Photo by Matt Stensland
Don Marostica, executive director of the Colorado Office of Economic Development and International Trade, kicks off Economic Summit 2010 on Wednesday evening at The Steamboat Grand. Marostica’s talk focused on the state’s budget and employment patterns and what municipalities are doing to retain and expand companies.
If you go
What: Economic Summit 2010, “A New Decade: Emerging from Recession in a Changed Environment”
When: Events resume at 8:30 a.m. today with remarks from Randy Rudasics, chairman of the Steamboat Springs Economic Development Council; Steamboat Springs City Manager Jon Roberts; and Routt County Commissioner Diane Mitsch Bush.
Where: The Steamboat Grand
Visit www.steamboatchamber.com/ecosummit for a full schedule, information about speakers and registration information.
For more coverage of Economic Summit events, see Friday’s Steamboat Today and Sunday’s Steamboat Pilot & Today.
Groups including Colorado’s Small Business Development Center Advisory Board and Gov. Bill Ritter’s Small Business Advisory Council are hosting a free meeting from 9:30 to 11:30 a.m. Friday at The Steamboat Grand to discuss solutions for barriers to small business. E-mail lara.henneman@sta... before noon today to RSVP.
Steamboat Springs Preserving millions of dollars in state tourism funds that fuel Steamboat’s resort economy will require a very tough battle in 2011 as Colorado’s next governor will be forced to make severe budget cuts immediately upon taking office, a state economic leader said Wednesday.
Don Marostica, executive director of the Colorado Office of Economic Development and International Trade, kicked off Economic Summit 2010 at The Steamboat Grand on Wednesday night with wide-ranging comments about global and national economies. But he focused much of his remarks on Colorado’s dire budget situation, a topic he’s familiar with as a former member of the state’s Joint Budget Committee.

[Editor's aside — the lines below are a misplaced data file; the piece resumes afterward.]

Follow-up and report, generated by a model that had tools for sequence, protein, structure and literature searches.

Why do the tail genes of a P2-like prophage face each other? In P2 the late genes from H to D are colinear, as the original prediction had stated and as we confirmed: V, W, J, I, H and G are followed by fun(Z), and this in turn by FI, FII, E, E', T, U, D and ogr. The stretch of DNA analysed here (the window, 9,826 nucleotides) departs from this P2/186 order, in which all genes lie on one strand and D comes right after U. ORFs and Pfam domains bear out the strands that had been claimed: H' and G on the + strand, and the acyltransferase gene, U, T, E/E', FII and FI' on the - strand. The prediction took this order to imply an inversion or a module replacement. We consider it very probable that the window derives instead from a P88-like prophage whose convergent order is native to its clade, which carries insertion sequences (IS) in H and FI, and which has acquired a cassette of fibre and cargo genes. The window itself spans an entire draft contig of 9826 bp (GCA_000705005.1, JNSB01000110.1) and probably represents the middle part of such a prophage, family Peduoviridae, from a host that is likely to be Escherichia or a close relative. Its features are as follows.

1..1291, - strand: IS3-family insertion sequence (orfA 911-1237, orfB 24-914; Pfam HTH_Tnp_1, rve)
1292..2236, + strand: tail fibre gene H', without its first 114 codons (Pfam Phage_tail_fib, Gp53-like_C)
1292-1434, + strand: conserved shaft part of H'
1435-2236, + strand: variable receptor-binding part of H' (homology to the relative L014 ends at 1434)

During the past decade or so, Colorado has seen an 87 percent rise in statewide Medicaid recipients, a 35 percent increase in statewide prison populations and overall population growth from about 4.3 million in 2000 to more than 5 million as of July 2009. That all occurred while the state’s budget decreased about 0.8 percent, Marostica said.
“You libertarians that are here tonight, we are shrinking government,” said Marostica, a Republican.
He said Colorado’s government is not growing according to its population and that the impacts increasingly are felt in drastic budget cuts spurred by the recession.
The state runs on a budget of about $18 billion, Marostica said, and cut about $1.7 billion in 2008-09, about $1.3 billion in 2009-10 and about $1.1 billion in 2010-11. He said next year, state legislators and Colorado’s new governor could have to cut about $2.2 billion.
“I have no idea why anybody would want to be the next governor,” he said.
That scenario could make it very tough to preserve annual tourism funding of about $15 million to $20 million. Establishing those funds was a legislative accomplishment often touted by retired state Sen. Jack Taylor, of Steamboat Springs, and current state Sen. Al White, of Hayden, both Republicans.
Marostica said only Colorado’s Division of Housing brings a better return on investment than tourism funds.
“Tourism is extremely, extremely important for the state of Colorado, so we’ve got to save those dollars,” he said.
Andy Wirth, senior vice president of sales and marketing for Steamboat Ski and Resort Corp., said he already is speaking with Marostica and state legislators about the issue.
“We think the battle to preserve those funds has just begun,” Wirth said Wednesday, also citing the potential return on investment. “The logic and rationale is on our side to win that battle.”
Economic Summit 2010, titled “A New Decade: Emerging from Recession in a Changed Environment,” continues today at The Grand and is presented by the Steamboat Springs Chamber Resort Association.
Marostica’s opening remarks reflected the summit’s title.
He called the recession a “major transforming event” that young people one day will tell their children about. He said corporations are changing their staff structure by cutting high-salaried middle management jobs that won’t return; the retiring of baby boomers throughout the next decade will create a massive worker shortage across the U.S.; and the rise of Brazil, China and India is increasingly evident.
“Brazil put more money into Haiti than the U.S.,” he said, adding that Brazil’s earthquake relief contributions this year exceeded America’s by about $2 billion.
Marostica said the recession’s impacts continue to unfold.
“We’re going through a worldwide economy change, and it’s not over.”